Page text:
William Makepeace Thackeray was born on 18 July 1811, and before his death just over fifty years later he had written over thirty-five works. These include Catherine (1839-40), Pendennis (1848-50), and The Book of Snobs (1848) – the last of which popularized (and is currently the earliest known evidence for) the sense of snob as ‘a person who admires […]
S.O.S became the worldwide standard distress signal (particularly in maritime use) on 1 July 1908, having first been adopted by the German government three years earlier. It has since entered the awareness of those who are unlikely ever to summon help at sea – appearing in contexts as varied as the title of songs by […]
When this article was in the brainstorming stage, it started with the simple intention of pointing out that a ladybird was neither a bird nor a lady (I don’t mean to impugn the ladybird’s reputation; I am speaking of the definition rather than the insect’s moral character). Along the way we thought we’d point out […]
Any avid reader has their favourite characters, whether they be from classic fiction, much-loved children’s literature, or contemporary novels. Quite a few characters have given their names to words relating to their traits or appearance – Eeyoreish, for instance, appears in our dictionaries as an adjective meaning pessimistic or gloomy, based on Eeyore from A.A. […]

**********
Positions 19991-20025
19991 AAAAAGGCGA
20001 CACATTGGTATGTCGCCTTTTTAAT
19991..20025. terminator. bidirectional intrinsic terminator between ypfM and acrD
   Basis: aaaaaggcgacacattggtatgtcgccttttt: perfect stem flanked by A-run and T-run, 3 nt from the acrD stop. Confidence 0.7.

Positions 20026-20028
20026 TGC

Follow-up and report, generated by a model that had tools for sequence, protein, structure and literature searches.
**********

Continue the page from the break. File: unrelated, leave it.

It is difficult to realize, from a distance of nearly a century, quite the impact that Sigmund Freud and his theories had upon polite society of the 1920s and ‘30s. The novelist D.H. Lawrence wrote that ‘the Oedipus complex was a household word, the incest motive a commonplace of tea-time chat’, and popular guides to […]
Your first thought, when you think of the magazine Good Housekeeping, might not be that it is a source for lexicographers. Founded in the US on 2 May 1885, it perhaps brings to mind recipes, health tips, and pieces about fashion – all of which is true, although you might not know that it has […]
It’s become a bit of a tradition at OxfordWords to set you quizzes about Shakespeare, and it’s a fitting celebration of his 450th birthday to do so again. In the past we’ve asked you to find out how Shakespearean you are, and whether you can spot the difference between Shakespeare and the Bible. We’ll go […]
National Scrabble Day was on 13 April, and it feels like a good opportunity to celebrate the wordiest of all games. Even if you’ve never played it – and, let’s face it, we’ve all played it – you’ll be familiar with the concept: players use seven letter tiles to create words on a board, intersecting […]
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Today's blog post looks at the strange and fascinating world of cow terminology oxford.ly/1rsMC5D
How old do you think the term 'flash mob' is? oxford.ly/1dBbP8K
Word of the Day: semblance - the outward appearance or apparent form of something…... oxford.ly/1nmsu3j
In case you missed it...Word of the Day: crowdsource - obtain (information) by enlisting help of many people...oxford.ly/1ndWHBA